The Fourth Wave
Some 4000 Google I/O attendees gave a standing ovation at the end of this morning’s keynote pre-launch of “Google Wave”. Google I/O attracts a reasonably savvy crowd, and this was not a Reality Distortion effect. What Google announced this morning is significant. It is the first candidate killer application for the Fourth Wave of Computing.
Google Wave is a smooth hybrid of email, instant messaging, photo sharing, discussion forums, wiki, and document management. It is best described in the words of the brother of its lead developer, who also delivered the bulk of the keynote:
In Google Wave you create a wave and add people to it. Everyone on your wave can use richly formatted text, photos, gadgets, and even feeds from other sources on the web. They can insert a reply or edit the wave directly. It’s concurrent rich-text editing, where you see on your screen nearly instantly what your fellow collaborators are typing in your wave. That means Google Wave is just as well suited for quick messages as for persistent content – it allows for both collaboration and communication. You can also use “playback” to rewind the wave and see how it evolved.
Lars Rasmussen, The Official Google Blog, 5/28/2009
The features are impressive, and the demonstration was awe-inspiring. We were treated to a symphony of technologies. What Google is cooking up is a blend of technologies and trends, and is not entirely simple to dissect.
First, let us relate this to the cloud computing revolution. According to my back-of-the-envelope calculations, Google may have upwards a million servers in their datacenters. They are part of a trend towards the world having just a handful of “computers” – controlled by a handful of (for-profit, privately controlled, loosely regulated) corporations. Besides Google, the contenders are Amazon, Yahoo, and Microsoft.
The above figure is how I see it. We have gone from big-box, to big-box-with-terminals, to boxes-of-all-sizes, to the cloud. The cloud is new and a little harder to summarize, but I think the essential part is that it’s lots of snippets of code, talking to huge data sets (where reads are cheap and writes are expensive), and lots (and lots) of clients.
The notion of “massive distributed” is still being anachronistically bandied about, but this will be phased out, and we’re not likely to refer to these systems in any of these terms in the future. Since we’re only talking about a handful of systems (probably just three), and they will all have slightly different behaviors, and they’re not likely to happily play with each other, we will end up referring to them by individual proper nouns – analogous to how we today think of “Windows”, “Mac”, and “Linux”. Individuals, companies, and institutions will have to chose which system they primarily align themselves with.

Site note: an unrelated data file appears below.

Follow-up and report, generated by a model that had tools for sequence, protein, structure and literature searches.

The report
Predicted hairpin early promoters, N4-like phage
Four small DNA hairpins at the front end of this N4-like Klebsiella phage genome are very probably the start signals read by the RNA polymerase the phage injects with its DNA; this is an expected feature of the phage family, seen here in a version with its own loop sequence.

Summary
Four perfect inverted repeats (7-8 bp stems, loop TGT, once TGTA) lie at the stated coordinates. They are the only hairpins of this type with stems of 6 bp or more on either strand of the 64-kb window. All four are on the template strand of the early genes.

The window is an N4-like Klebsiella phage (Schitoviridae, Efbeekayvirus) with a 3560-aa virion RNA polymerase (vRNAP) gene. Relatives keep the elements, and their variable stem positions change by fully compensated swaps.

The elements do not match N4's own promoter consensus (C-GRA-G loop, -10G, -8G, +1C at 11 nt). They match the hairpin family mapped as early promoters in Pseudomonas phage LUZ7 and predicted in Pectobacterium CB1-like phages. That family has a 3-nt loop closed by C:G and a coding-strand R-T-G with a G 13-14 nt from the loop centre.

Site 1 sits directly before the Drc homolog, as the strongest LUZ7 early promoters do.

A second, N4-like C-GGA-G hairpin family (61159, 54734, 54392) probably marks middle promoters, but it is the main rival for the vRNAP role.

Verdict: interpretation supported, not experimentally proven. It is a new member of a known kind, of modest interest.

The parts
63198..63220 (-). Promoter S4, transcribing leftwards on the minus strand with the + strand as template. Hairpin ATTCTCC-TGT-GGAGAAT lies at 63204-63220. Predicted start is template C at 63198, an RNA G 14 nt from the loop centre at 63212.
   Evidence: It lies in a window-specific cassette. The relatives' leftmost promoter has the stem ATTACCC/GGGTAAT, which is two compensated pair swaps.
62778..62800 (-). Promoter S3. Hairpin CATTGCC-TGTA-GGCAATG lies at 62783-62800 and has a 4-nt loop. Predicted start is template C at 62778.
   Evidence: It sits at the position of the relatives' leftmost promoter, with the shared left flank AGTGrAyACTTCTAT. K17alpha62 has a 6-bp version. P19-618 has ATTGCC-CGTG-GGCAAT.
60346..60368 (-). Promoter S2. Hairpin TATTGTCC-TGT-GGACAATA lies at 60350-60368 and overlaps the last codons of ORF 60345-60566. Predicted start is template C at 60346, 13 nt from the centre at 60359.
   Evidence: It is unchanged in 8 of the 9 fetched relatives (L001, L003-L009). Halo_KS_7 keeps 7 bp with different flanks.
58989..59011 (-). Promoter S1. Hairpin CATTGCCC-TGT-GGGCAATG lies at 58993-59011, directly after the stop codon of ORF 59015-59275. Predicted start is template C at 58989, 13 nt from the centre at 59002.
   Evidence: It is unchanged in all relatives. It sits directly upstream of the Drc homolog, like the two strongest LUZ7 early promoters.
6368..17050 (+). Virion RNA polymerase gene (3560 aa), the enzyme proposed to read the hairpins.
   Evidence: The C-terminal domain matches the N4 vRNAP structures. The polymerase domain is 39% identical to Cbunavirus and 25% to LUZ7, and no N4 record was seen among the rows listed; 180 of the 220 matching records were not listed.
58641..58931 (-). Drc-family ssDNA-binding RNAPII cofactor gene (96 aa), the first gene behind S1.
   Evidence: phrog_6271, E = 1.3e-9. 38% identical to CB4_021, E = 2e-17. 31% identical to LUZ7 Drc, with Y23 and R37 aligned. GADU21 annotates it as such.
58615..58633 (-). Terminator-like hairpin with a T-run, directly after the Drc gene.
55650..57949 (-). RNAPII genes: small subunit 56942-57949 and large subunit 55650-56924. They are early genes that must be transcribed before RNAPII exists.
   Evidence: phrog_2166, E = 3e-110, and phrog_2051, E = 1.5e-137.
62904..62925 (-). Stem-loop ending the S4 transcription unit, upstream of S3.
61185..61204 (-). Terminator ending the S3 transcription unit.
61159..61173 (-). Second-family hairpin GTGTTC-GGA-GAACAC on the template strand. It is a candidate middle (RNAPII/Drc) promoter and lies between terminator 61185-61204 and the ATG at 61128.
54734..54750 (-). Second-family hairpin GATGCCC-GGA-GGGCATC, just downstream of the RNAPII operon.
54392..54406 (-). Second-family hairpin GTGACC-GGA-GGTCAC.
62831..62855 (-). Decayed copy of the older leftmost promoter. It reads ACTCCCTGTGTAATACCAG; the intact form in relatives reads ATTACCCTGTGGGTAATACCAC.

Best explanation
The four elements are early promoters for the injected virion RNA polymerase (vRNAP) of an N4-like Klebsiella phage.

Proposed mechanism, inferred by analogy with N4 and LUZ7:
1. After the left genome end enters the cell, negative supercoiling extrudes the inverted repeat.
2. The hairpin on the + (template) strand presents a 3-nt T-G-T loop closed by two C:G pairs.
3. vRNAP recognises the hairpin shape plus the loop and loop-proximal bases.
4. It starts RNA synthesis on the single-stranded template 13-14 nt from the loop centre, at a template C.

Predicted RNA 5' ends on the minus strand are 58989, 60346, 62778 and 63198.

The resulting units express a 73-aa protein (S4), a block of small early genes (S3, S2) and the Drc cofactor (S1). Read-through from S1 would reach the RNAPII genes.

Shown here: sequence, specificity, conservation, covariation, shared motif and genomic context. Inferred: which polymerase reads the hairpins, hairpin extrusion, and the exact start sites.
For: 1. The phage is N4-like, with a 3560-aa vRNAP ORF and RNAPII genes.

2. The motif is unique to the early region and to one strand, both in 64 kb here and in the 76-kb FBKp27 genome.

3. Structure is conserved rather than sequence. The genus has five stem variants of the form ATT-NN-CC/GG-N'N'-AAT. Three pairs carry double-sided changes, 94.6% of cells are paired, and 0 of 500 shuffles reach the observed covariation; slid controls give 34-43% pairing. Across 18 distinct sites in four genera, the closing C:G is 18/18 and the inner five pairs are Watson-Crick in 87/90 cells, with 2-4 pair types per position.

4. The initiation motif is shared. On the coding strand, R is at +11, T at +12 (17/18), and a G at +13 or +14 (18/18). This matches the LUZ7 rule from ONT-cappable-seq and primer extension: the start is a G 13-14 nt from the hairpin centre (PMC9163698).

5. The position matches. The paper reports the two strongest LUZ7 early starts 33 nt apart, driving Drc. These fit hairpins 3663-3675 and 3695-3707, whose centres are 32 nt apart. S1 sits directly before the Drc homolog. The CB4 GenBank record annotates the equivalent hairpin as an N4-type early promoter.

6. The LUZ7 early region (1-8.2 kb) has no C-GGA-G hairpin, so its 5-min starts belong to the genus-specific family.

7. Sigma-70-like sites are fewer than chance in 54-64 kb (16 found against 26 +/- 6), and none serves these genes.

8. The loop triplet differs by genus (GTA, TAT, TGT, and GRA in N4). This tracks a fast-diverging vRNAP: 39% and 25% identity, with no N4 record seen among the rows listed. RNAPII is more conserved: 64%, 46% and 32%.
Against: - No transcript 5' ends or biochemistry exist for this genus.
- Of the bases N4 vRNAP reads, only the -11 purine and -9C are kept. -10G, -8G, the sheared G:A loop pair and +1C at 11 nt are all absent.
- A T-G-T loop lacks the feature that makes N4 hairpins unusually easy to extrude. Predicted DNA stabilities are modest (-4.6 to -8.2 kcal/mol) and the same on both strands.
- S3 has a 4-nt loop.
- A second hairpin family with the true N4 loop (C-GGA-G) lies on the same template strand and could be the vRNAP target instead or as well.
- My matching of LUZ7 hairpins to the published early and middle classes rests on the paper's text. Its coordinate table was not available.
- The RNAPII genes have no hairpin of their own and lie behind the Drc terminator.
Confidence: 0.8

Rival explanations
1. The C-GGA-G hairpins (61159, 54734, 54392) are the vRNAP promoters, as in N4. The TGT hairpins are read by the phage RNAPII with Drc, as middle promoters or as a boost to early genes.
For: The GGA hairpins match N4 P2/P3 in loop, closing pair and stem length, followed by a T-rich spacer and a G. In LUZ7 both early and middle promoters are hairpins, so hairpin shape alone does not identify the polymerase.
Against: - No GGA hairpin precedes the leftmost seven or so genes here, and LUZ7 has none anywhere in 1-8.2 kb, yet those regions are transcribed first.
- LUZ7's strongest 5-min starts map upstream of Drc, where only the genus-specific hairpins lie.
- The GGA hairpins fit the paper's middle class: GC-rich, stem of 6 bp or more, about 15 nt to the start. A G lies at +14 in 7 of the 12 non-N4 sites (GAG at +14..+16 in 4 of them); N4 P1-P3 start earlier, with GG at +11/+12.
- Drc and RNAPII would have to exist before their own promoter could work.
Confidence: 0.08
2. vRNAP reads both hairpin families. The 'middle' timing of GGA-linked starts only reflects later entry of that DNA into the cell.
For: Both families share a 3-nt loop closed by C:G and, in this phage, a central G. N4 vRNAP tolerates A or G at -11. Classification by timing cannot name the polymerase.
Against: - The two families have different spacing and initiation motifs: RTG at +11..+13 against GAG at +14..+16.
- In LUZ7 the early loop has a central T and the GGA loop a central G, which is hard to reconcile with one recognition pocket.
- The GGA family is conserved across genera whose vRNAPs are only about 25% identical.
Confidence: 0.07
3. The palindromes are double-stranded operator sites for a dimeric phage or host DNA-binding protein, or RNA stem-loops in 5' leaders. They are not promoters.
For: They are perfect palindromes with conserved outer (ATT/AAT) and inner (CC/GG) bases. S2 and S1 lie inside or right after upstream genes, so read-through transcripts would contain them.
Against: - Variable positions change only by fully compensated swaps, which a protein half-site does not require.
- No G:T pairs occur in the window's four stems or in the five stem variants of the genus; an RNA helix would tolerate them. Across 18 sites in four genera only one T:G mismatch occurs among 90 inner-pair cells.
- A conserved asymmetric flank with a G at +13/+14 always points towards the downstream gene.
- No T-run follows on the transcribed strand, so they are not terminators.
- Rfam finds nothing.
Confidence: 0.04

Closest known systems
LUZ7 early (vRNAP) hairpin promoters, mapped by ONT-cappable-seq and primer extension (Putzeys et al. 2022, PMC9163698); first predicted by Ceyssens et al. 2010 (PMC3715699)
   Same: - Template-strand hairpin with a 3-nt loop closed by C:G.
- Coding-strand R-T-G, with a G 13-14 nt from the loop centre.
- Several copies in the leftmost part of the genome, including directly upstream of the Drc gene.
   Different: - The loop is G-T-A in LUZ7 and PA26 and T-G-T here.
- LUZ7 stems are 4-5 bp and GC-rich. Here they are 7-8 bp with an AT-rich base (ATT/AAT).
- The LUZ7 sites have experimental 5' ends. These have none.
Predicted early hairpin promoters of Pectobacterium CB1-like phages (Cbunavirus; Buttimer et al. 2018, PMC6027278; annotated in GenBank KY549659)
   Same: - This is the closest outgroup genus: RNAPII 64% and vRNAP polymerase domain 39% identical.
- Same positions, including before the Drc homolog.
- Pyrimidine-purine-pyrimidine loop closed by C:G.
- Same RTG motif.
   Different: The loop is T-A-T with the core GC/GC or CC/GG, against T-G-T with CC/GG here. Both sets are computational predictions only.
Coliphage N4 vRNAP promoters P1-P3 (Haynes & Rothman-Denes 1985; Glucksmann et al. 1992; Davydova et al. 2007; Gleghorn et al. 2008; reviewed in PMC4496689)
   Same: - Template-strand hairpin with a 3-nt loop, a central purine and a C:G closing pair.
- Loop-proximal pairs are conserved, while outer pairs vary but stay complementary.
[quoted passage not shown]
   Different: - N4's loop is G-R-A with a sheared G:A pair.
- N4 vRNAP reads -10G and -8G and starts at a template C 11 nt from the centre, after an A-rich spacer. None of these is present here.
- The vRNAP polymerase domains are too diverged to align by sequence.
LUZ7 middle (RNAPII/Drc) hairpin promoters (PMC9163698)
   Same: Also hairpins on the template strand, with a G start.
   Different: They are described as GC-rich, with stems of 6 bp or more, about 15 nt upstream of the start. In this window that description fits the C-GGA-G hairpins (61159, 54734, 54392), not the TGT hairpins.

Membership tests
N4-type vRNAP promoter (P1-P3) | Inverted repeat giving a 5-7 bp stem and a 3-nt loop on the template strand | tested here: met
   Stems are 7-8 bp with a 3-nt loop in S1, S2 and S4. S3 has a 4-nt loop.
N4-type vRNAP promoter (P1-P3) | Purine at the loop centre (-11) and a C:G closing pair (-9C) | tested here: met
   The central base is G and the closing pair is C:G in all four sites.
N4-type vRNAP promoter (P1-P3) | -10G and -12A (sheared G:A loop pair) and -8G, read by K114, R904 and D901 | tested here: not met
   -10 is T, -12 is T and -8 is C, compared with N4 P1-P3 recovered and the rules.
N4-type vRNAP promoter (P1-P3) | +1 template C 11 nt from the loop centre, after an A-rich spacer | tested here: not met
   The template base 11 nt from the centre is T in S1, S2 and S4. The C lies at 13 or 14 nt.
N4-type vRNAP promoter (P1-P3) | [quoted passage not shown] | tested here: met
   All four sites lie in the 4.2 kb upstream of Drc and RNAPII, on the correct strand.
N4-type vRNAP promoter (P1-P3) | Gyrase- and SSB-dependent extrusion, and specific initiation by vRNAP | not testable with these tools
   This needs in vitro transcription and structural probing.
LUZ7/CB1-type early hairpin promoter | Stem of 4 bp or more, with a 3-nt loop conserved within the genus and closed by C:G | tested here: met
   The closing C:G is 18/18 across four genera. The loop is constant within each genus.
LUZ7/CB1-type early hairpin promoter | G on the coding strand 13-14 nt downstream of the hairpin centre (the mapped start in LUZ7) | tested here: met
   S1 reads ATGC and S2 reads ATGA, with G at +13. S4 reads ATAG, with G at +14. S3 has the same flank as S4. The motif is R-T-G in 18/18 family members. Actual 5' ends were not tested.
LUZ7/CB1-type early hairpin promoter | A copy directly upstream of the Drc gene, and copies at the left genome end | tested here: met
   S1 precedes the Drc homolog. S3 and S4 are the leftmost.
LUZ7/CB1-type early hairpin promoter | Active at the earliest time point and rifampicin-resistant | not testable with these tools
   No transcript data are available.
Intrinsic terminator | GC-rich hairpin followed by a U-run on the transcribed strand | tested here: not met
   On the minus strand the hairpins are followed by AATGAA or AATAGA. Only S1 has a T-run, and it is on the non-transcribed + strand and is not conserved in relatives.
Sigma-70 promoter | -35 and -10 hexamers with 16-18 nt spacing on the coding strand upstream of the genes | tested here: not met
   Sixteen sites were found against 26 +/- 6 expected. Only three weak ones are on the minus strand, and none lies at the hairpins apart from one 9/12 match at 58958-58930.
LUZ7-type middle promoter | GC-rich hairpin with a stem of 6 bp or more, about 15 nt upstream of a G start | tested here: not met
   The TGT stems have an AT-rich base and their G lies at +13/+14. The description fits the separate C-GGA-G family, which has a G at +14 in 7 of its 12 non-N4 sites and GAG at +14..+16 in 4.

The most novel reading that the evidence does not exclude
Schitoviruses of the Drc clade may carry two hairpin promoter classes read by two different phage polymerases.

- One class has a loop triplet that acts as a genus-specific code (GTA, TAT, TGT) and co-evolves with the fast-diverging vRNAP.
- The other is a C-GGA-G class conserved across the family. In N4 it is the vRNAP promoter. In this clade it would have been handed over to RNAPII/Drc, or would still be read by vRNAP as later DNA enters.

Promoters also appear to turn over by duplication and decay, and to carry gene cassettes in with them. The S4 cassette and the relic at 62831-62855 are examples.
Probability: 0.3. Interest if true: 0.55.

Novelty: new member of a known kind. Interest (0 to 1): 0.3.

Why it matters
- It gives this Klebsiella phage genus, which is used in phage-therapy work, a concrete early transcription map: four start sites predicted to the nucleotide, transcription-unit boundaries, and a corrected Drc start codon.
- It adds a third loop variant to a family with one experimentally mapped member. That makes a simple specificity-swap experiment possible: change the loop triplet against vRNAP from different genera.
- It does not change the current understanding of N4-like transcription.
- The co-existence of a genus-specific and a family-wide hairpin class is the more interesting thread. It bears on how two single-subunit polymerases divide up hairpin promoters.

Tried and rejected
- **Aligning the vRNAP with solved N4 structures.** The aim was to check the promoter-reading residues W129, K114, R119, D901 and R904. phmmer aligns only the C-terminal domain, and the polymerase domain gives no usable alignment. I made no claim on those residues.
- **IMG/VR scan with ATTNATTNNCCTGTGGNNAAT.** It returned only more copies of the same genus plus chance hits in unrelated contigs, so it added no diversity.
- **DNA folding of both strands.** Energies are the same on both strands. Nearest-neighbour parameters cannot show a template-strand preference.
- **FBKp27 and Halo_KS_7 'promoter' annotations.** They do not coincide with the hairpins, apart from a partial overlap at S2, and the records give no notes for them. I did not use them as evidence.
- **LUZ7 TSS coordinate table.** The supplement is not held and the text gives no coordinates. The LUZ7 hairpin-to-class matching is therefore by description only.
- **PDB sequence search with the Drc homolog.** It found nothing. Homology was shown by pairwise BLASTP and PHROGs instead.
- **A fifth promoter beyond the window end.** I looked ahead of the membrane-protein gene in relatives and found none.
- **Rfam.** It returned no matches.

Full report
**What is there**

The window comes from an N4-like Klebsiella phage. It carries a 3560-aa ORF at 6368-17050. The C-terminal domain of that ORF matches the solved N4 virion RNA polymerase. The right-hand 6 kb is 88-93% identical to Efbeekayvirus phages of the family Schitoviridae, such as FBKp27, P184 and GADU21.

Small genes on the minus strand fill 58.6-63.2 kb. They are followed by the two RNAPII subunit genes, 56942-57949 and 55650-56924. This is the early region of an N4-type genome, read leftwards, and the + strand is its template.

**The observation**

Google App Engine shows the way most clearly for this future. There are many ways that GAE is different from some flavor of hosted computing, but to me one of the most striking is ramp-up time. GAE essentially limits you to the top of the abstraction layers. Think of it this way:
A traditional server (e.g. a LAMP setup) is shown on the left. Everything that needs to start in some way is in red. If I’m running on a virtual server in the “cloud”, and I need a new server, I need to boot it up. That takes about 5 minutes, give or take.
Now consider the stack on the right. Here I’ve restricted you to using just one flavor of application code – say, Python, talking to the Google GAE API. The only thing that needs to be “started” is to load some data into the interpreter. And odds are good that that data is already in the cache. The response time for this is about 0.05 seconds, give or take.
The difference in response time is thus about a factor of 5000. In other words, the GAE-style “cloud” ramps up (and down) compute service upwards of four magnitudes faster than a traditional server approach. That is not a quantitative difference, that is a qualitative difference.
This is the key behind Google Wave working. The real-time communication and scalable usage model presupposes a GAE-style cloud.
But I need some sleep. Let me close for the night with a shout-out to my Nordic brethren: the Rasmussen brothers join the list of highly distinguished technology innovators who originally come from Denmark. The list includes Bjarne Stroustrup (developed C++ while at Bell labs), Anders Hejlsberg (was the original author of Turbo Pascal and the lead on the team that developed C#), Janus Friis (co-founded KaZaA and Skype), and Rasmus Lerdorf (creator of PHP). So not only did most of Wave 2 code relate to Danish innovation (C++), and Wave 3 (C# and PHP), but now also Wave 4!
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